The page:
Steelers Super Bowl Rings Erroneously Engraved

Say you’re a member of the 1975 Pittsburgh Steelers, you work hard all season long and you get rewarded with the greatest present possible, a Super Bowl victory. The next year you’re given a ring to commemorate your team’s accomplishment, on the side of the ring are included the scores of the playoff games your team won.

Now, don’t you think you might at some point between say, 1976 and oh, 2008, you might look at that ring. I know if I won a championship, I’d treasure that ring and probably memorize every detail of it. You’d think that any of the numerous players, front office and other staffers who received rings would have thought, “Hey, remember when we played the Bills for the AFC Championship and we won, 32-14? Why does our ring say the score was 32-6?”

A Pittsburgh front office employee recently passed away and his personal items were up for sale in an estate auction, included among the items were his two rings from 1975 and the 1976 Super Bowl championships. After a story about the auction appeared in the paper, an eagle-eyed fan noticed that the score was incorrect on the ring.

Jostens–the ring company that desperately wanted me to buy a college ring–the manufacturers of the ring went back and looked at the molding for the ring and found that while the original design had the correct score on it, somehow the mold had the incorrect one, leading to the erroneous rings. It wasn’t until this auction came up that anyone noticed.

“I’ll be damned,” said Joe Gordon, the Steelers former public relations and marketing from 1969 to 1998. “I find it almost impossible to believe because so many of us checked it.” Gordon went on to say that no one had ever brought this to his attention before now, saying that if someone had, the team would have rectified it right away, “it’s an incorrect ring and it has historical significance,” he said, “It was the first Super Bowl in Steelers history. I’m positive we would have made Jostens do it over again.”

Instead, no one noticed it until now. Former running back Rocky Bleier when informed about the error on the ring was very surprised. “I wear them all the time, he said, “I give presentations and people always want to see them. And nobody ever noticed the score.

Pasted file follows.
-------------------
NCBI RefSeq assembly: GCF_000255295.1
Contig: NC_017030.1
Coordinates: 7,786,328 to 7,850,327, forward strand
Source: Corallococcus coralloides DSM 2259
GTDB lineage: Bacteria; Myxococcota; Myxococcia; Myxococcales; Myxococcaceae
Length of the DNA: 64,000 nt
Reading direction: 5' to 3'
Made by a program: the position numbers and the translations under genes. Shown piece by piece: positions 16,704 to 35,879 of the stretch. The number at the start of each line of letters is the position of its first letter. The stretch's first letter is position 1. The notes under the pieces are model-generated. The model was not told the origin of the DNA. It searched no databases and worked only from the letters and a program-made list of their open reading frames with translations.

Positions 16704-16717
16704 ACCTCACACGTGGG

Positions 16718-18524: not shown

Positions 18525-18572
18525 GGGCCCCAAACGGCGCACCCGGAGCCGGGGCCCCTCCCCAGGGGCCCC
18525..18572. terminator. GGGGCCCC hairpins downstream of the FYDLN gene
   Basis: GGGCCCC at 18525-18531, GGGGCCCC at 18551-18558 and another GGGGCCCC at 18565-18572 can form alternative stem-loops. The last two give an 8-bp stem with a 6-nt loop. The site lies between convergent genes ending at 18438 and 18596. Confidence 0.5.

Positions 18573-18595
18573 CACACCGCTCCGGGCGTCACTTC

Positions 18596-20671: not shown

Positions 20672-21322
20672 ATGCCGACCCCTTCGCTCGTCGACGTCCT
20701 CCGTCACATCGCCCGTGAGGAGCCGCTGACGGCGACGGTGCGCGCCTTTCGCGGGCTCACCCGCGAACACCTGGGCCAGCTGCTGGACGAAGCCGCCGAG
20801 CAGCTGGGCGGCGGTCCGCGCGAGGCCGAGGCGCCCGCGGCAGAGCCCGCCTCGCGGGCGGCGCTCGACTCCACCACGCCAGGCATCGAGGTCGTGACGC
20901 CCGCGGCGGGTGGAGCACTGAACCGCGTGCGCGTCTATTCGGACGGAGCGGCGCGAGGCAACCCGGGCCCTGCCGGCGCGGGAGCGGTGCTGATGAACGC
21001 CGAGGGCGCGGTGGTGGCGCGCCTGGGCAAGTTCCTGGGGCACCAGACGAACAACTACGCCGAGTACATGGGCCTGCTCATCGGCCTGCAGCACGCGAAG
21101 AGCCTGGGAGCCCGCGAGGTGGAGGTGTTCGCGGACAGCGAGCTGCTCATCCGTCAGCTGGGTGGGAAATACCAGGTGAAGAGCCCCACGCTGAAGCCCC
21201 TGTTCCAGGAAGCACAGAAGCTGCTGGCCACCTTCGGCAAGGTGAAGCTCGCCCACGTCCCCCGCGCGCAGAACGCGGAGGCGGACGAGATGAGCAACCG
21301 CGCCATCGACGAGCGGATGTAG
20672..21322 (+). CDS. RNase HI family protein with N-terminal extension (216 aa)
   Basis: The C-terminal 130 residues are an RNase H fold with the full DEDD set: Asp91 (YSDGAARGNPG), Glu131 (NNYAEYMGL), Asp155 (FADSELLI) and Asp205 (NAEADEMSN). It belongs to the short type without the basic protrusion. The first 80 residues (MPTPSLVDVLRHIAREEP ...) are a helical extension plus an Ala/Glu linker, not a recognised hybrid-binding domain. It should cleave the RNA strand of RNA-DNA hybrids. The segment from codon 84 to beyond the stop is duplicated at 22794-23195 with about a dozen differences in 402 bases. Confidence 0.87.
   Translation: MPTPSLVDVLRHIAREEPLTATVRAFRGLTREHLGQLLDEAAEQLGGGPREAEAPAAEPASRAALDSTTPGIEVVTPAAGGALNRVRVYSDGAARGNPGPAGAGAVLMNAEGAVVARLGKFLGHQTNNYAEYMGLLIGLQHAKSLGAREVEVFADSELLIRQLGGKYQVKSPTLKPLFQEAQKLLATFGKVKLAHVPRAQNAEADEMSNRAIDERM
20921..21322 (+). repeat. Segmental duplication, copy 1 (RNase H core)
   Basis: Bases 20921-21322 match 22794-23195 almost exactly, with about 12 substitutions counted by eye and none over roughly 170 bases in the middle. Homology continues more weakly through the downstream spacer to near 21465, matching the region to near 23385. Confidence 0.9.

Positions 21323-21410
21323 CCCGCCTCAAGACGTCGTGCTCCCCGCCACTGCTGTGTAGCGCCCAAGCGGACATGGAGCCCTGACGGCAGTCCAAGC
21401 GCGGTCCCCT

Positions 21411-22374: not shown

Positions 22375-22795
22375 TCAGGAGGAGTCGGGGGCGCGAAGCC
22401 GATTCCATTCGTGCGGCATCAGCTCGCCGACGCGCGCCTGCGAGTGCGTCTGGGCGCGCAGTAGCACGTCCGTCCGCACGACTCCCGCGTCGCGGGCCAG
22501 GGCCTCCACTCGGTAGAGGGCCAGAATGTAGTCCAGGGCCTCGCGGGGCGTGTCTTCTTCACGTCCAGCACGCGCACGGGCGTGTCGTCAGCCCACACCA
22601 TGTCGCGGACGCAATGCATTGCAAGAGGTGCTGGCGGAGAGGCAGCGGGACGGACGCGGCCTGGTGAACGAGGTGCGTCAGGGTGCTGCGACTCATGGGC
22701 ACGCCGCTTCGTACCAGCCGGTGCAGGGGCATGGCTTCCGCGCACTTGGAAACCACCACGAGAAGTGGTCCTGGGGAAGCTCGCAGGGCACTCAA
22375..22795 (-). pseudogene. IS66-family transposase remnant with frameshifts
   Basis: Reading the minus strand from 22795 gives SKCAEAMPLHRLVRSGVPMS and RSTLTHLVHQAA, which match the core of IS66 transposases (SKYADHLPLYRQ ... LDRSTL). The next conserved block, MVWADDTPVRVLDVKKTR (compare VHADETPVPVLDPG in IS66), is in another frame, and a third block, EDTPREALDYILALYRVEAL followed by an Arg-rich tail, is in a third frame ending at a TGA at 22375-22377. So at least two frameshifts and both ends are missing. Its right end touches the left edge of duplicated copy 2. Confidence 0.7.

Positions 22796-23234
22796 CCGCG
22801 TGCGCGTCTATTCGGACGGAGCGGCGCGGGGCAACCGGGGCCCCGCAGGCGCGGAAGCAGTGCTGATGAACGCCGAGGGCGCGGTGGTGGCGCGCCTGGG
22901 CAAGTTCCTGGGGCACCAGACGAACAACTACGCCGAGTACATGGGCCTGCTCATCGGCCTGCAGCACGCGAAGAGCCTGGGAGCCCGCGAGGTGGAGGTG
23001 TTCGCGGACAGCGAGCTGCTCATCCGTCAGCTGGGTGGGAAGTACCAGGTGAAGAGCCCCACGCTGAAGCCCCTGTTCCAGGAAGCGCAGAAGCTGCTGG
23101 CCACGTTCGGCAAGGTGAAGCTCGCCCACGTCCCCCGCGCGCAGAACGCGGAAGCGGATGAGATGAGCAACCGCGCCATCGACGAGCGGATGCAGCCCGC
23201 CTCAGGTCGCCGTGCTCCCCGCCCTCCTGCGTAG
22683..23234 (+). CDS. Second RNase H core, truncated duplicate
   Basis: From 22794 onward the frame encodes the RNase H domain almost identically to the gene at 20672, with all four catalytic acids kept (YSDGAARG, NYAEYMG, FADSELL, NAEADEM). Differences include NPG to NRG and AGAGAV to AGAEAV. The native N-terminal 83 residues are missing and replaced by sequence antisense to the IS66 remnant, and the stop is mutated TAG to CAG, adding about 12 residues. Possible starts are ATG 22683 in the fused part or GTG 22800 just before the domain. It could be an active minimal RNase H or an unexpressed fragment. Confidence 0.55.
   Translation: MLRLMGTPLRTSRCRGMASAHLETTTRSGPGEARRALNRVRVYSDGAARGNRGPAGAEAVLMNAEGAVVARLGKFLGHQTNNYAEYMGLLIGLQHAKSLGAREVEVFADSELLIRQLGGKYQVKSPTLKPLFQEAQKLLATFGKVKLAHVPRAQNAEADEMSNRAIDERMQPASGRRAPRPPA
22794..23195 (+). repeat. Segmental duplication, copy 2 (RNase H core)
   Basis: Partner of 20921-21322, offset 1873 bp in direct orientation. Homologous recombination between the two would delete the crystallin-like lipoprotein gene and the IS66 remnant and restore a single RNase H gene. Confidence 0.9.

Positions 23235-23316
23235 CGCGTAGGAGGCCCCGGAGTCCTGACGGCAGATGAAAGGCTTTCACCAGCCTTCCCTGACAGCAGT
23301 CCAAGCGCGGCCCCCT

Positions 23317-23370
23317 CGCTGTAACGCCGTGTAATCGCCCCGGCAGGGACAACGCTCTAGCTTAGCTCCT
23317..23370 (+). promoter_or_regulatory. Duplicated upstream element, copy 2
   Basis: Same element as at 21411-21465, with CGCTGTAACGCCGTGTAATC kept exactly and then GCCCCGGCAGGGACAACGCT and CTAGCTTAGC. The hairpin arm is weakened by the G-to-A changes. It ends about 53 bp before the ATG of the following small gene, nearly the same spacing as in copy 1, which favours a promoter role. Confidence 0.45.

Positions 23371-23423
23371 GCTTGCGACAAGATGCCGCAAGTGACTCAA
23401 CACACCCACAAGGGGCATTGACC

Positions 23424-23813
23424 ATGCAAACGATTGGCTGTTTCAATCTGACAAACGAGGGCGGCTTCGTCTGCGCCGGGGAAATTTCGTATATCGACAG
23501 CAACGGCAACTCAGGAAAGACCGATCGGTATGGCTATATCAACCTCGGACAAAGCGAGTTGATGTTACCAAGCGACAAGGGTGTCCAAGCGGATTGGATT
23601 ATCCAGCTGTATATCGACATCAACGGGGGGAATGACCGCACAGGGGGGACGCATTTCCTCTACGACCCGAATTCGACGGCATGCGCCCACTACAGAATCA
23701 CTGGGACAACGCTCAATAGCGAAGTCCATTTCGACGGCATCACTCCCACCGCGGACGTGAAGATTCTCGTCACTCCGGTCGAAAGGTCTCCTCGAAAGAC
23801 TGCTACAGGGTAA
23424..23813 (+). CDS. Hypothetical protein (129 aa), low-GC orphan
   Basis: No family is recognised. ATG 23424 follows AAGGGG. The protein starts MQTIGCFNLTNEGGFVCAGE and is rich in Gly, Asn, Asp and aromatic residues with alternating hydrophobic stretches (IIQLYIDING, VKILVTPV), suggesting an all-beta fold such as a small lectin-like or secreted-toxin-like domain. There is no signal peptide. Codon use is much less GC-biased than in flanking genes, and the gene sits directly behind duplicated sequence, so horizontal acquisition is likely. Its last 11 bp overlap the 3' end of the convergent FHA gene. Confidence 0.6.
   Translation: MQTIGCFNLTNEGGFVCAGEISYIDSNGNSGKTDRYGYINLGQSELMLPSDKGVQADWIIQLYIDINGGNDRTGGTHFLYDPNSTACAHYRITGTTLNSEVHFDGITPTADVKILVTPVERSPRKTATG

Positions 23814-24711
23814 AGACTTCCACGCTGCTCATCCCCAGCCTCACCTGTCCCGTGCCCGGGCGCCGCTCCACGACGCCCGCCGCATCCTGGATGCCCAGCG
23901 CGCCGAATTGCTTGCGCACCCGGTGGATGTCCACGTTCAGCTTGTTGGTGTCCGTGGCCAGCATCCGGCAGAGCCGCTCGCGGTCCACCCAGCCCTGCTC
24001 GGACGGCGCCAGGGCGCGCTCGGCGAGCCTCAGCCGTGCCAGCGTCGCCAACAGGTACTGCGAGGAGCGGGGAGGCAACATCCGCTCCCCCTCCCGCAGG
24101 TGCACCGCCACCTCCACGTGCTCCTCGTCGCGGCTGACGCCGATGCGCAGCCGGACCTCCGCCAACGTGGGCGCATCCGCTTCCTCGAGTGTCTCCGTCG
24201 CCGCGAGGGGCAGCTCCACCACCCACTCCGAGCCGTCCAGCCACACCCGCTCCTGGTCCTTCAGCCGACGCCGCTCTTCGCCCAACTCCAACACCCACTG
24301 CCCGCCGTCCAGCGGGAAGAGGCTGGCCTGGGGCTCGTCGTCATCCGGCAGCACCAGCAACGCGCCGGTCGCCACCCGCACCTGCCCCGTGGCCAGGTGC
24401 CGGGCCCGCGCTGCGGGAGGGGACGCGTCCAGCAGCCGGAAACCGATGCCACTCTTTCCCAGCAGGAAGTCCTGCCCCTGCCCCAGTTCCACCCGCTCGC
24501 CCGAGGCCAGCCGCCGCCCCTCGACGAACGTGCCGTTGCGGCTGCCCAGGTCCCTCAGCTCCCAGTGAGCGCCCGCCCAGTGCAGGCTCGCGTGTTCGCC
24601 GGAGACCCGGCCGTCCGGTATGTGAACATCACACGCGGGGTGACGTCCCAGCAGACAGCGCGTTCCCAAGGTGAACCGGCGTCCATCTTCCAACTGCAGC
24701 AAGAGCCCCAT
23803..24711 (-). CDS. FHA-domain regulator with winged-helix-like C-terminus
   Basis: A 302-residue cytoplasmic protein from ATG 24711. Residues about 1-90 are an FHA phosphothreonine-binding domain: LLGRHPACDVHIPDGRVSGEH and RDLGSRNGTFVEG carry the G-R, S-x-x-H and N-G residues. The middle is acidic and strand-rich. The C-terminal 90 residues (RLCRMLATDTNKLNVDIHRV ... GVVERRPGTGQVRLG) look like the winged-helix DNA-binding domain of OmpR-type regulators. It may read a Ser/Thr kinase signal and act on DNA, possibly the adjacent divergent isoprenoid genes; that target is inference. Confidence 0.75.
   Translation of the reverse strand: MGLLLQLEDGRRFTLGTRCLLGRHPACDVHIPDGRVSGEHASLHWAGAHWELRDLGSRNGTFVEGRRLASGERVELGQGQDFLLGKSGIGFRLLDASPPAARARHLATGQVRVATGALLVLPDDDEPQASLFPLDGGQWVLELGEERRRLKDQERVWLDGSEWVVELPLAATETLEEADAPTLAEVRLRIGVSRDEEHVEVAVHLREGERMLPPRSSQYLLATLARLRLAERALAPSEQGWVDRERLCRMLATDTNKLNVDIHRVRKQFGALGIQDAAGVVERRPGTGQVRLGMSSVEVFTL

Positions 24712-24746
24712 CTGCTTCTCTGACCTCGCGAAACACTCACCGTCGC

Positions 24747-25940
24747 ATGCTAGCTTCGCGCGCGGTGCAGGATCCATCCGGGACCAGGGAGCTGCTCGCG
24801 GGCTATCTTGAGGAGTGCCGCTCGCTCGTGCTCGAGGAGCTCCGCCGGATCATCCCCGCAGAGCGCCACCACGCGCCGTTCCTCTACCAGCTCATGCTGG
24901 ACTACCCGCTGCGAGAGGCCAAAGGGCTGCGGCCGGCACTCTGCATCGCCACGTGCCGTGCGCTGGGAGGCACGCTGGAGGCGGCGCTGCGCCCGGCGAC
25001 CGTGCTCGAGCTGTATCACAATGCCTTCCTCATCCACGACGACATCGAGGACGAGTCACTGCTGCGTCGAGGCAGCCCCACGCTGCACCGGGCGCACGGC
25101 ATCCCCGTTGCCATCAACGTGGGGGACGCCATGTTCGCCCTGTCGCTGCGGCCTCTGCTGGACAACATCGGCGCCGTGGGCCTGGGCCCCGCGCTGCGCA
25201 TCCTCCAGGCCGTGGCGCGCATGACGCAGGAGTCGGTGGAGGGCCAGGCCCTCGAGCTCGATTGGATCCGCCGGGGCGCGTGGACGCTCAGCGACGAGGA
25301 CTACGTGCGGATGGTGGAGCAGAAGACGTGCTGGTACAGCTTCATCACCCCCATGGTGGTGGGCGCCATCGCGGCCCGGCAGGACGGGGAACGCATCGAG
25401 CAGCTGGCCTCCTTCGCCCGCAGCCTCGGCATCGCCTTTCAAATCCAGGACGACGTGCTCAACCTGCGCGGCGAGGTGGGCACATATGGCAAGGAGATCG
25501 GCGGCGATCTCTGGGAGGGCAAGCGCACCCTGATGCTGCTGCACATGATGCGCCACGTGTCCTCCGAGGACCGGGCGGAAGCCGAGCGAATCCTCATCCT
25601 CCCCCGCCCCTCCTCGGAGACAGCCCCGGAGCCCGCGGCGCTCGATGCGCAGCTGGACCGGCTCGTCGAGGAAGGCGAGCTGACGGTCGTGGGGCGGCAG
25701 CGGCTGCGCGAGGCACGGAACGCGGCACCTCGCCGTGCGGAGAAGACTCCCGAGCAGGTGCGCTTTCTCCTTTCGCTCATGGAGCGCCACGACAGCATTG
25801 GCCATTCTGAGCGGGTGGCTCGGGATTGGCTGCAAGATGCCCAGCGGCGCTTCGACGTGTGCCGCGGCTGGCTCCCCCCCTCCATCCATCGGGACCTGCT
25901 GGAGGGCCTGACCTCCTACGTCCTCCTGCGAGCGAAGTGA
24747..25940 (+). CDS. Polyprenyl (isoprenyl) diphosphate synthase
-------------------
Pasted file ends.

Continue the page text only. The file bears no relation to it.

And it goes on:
“But I’d bet most of the guys wouldn’t remember the scores anyway. I’m not sure I ever looked at the scores. And now my eyes are so bad, I can’t see them.”

Amazingly, it took over 30 years for anyone to spot the mistake, which goes to show the quality of intellect that was working on those Steelers Steel Curtain teams I suppose. Then again, they were piloted by Terry Bradshaw, what more could you expect?

“[This] blows me away,” Gordon the former PR flak said, “When [a ring is] distributed, you coddle it, you look at it, you stare at it. It’s a cherished memento, it’s so significant. And you do it again and again. How it could possibly go unnoticed is beyond my belief. It’s funny, but I’m also a little bit dismayed.”

4 Responses to “Steelers Super Bowl Rings Erroneously Engraved”

  1. 1 U. Kulele
    July 22, 2008 at 6:40 pm

    I wonder if there are mistakes on any other championship rings, be it NFL or MLB?

    Whatta knucklehead! (whoever let that happen at Jostens)

  2. 2 youppi
    July 22, 2008 at 6:44 pm

    This is almost as foolish of a mistake as ESPN made hiring Fernando Vina for Baseball Tonight. (somehow, no one has noticed that one either)

  3. 3 Mattraw
    July 23, 2008 at 11:21 am

    For totally outrageous class rings, it’s Jostens – Goooo Jostens!

    This is almost as much of a travesty as Jeremy Shockey having a Super Bowl ring.

  4. 4 SycFlyn
    July 24, 2008 at 6:56 pm

    Terry Bradshaw won four Super Bowls and is in the Hall of Fame. He has also won an Emmy for sports broadcasting. In the past he has bred national champion quarter horses. He has acted and did numerous TV ads. I’d guess that he has made millions. What is really humorous is that he has exploited the “Ozark Ike” image and has parlayed it into fame and fortune. The stupid people are the ones who don’t possess sufficient intelligence to recognize this and continue to allow their small minds to embrace a perception that was shattered thirty years ago.
    As for the Steelers ring, I have not heard a reply from team management. If indeed the incorrect score was on the ring, then allow me to say that the entire Pittsburgh Steelers franchise, c. 1975, was suffering from severe brain freeze!

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